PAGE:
Xbox 360: Red Ring of Death Repair
After a good gaming session of Street Fighter IV with a friend, my 360 froze to a black screen. I turned it off, and then on again, only to be greeted by my old nemesis.
The damn ring of death that means your Xbox 360 is broken. This was the third time my 360 has had the RRoD, and its the third time I fixed it. If you’ve ever owned an Xbox 360, chances are extremely high that you’ve seen this little problem before. For consoles manufactured before the middle of 2008 (that is, the old core/regular white systems without HDMI) its almost a foregone conclusion that your system will red ring at some point.
Even if this hasn’t ever happened to you, there are two things every Xbox 360 owner should know:
1. Why it happens
2. How to fix it yourself WITHOUT sending it back to M$.
Section 1 – Why the Red Ring occurs
To put it simply, the cause of the RRoD is that your 360 motherboard is overheating. Like any computer worth a damn, the 360 will refuse to boot up if it thinks its overheating. So then that leaves the obvious question: why does this happen? The first generations of the 360 very often experience a build up of heat over time that continues to increase until the error occurs. Its happened to me and everyone I know who bought a 360 before the Elite came out.
The 360 uses lead-free solder, which as you may know, is more brittle than regular solder. Over time, the solder balls under the GPU and CPU can, due to repeated exposure to heat, literally start to loose their bond between the motherboard and the chips. A poor connection tells the system it has a general hardware failure, and that means you get the RRoD.
Although you can fix the problem, there is nothing you can do to prevent it from happening again. I’ve installed an X-clamp and an aftermarket fan that dramatically improves airflow, and still the RRoD returns. The problem lays in the design of the system. Still, you can get rid of the Red Ring for about ~6-8 month periods by following this heatgun tutorial.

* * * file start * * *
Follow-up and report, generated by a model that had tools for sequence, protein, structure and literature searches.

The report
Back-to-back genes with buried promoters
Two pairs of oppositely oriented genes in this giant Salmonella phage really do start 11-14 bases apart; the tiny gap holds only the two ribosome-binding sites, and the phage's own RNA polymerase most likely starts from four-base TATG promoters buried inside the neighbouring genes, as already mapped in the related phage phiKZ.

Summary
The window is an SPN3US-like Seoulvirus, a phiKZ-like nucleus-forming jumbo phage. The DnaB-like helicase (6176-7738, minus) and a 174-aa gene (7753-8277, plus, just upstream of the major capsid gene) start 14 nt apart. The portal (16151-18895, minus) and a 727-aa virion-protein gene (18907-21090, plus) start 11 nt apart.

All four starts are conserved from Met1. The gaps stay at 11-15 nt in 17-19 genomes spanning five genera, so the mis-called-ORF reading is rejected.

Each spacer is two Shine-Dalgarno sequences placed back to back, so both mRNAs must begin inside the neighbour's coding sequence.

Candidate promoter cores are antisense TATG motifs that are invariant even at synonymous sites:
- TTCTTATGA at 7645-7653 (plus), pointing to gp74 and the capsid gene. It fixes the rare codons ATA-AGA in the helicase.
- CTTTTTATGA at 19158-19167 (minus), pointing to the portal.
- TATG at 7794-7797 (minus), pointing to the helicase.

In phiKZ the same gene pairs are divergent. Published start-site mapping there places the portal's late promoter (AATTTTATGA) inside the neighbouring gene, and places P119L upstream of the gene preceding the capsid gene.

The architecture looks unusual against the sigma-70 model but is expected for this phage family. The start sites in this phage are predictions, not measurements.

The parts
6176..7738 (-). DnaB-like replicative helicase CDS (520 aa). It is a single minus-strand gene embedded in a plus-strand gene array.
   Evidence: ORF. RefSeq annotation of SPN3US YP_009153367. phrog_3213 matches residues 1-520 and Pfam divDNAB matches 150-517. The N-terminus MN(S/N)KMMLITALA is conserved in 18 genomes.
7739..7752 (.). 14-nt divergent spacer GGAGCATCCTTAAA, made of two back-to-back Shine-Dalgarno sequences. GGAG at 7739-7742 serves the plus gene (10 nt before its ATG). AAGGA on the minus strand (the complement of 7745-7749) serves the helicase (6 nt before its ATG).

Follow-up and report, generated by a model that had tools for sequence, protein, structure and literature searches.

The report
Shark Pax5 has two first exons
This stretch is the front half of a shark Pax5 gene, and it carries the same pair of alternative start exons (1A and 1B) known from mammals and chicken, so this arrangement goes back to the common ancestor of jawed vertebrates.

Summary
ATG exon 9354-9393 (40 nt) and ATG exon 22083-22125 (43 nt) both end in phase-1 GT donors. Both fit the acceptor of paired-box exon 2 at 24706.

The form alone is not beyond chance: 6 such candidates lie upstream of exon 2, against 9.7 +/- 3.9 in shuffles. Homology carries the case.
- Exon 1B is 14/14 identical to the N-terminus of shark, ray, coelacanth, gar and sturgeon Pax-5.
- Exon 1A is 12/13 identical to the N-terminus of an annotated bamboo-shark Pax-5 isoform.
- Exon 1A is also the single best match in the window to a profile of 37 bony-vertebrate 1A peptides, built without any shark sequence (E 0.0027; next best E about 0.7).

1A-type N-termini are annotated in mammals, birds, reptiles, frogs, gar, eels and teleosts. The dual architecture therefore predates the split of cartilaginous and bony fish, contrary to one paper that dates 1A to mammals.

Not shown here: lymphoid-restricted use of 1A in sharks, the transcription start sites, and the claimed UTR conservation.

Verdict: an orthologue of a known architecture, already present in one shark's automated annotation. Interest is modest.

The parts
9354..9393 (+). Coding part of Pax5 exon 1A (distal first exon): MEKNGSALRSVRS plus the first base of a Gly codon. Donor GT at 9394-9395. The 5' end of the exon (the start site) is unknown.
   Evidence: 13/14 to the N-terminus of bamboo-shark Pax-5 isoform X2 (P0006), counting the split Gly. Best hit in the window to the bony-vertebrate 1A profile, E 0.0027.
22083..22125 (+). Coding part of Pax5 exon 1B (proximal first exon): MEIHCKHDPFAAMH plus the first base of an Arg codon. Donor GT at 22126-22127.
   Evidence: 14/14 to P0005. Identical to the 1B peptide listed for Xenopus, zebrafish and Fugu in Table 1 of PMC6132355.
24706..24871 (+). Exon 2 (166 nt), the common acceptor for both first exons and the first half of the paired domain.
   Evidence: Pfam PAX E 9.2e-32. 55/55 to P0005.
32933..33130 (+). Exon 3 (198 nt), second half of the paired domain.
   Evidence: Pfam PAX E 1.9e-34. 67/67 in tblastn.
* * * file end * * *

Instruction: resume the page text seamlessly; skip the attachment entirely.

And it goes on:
There are several fixes for the RRoD, but the heatgun method is the most direct and most successful approach outside of reflowing the solder with a reflow station costing upwards of 10 grand. Since chances are you dont have that kind of money to throw around, and since the heatgun approach is so successful, there are some who try to cash in on the heatgun fix by selling a heatgun repair service. Here you will get the same treatment by following this free, do it yourself walkthrough.
So an overview: in order to fix the problem, you need to reflow the solder balls under the GPU and CPU. To do that, you need to introduce enough heat to the chips that the solder will liqufy before hardening back into place.
You might have heard of the infamous towel trick where people wrap their 360’s in a towel and turn it on, purposely leaving it to overheat in the hopes it will come back to life. The basic idea behind this is to reflow the solder balls just like what this tutorial will cover, but unfortunately the towel trick method is extremely inefficient and runs the risk of an electrical fire. Yikes! So instead of doing something stupid and unsuccessful like that, why not just go to the source of the problem eh?
Section 2. How to fix the RRoD
The repair process requires you to take the console completely apart thus voiding any warranty, but if you plan on doing this yourself you either don’t have one or don’t need one. Even under warranty, the process of mailing your system to M$ usually takes around six weeks. If you use this guide from start to finish, you can have a working 360 again in around 2 hours tops.
This project requires:
– Xbox 360 with RRoD (this tutorial covers the older variety and may not work for Elite models)
– Heat Gun (electric paint remover) a heatgun is a lot like a hair dryer, only it produces far far more heat. Heatguns range in price from $15 – 50. For the sake of this project, a fairly low end model without a switch to change the temperature will work fine. It should go without saying, but a simple household hair dryer can not be substituted for a heatgun.
– Large sheet of thick plastic (at least the size of the 360 console) weatherproof plastic for interior walls works great; you can get this at your hardware store.
-Tinfoil enough to cover the 360’s motherboard
-3-4 sticks of Poster sticky tac this might seem like a lot, but its better to have too much than not enough. This is a good extra measure to keep your system’s capacitors from overheating.
-Torx 5 and 10 screwdrivers to open the system
-Star and flathead Phillips screwdrivers also to open the system
-Clamps optional if you have decent ones. Mine suck. You don’t really need them as long as you’re careful.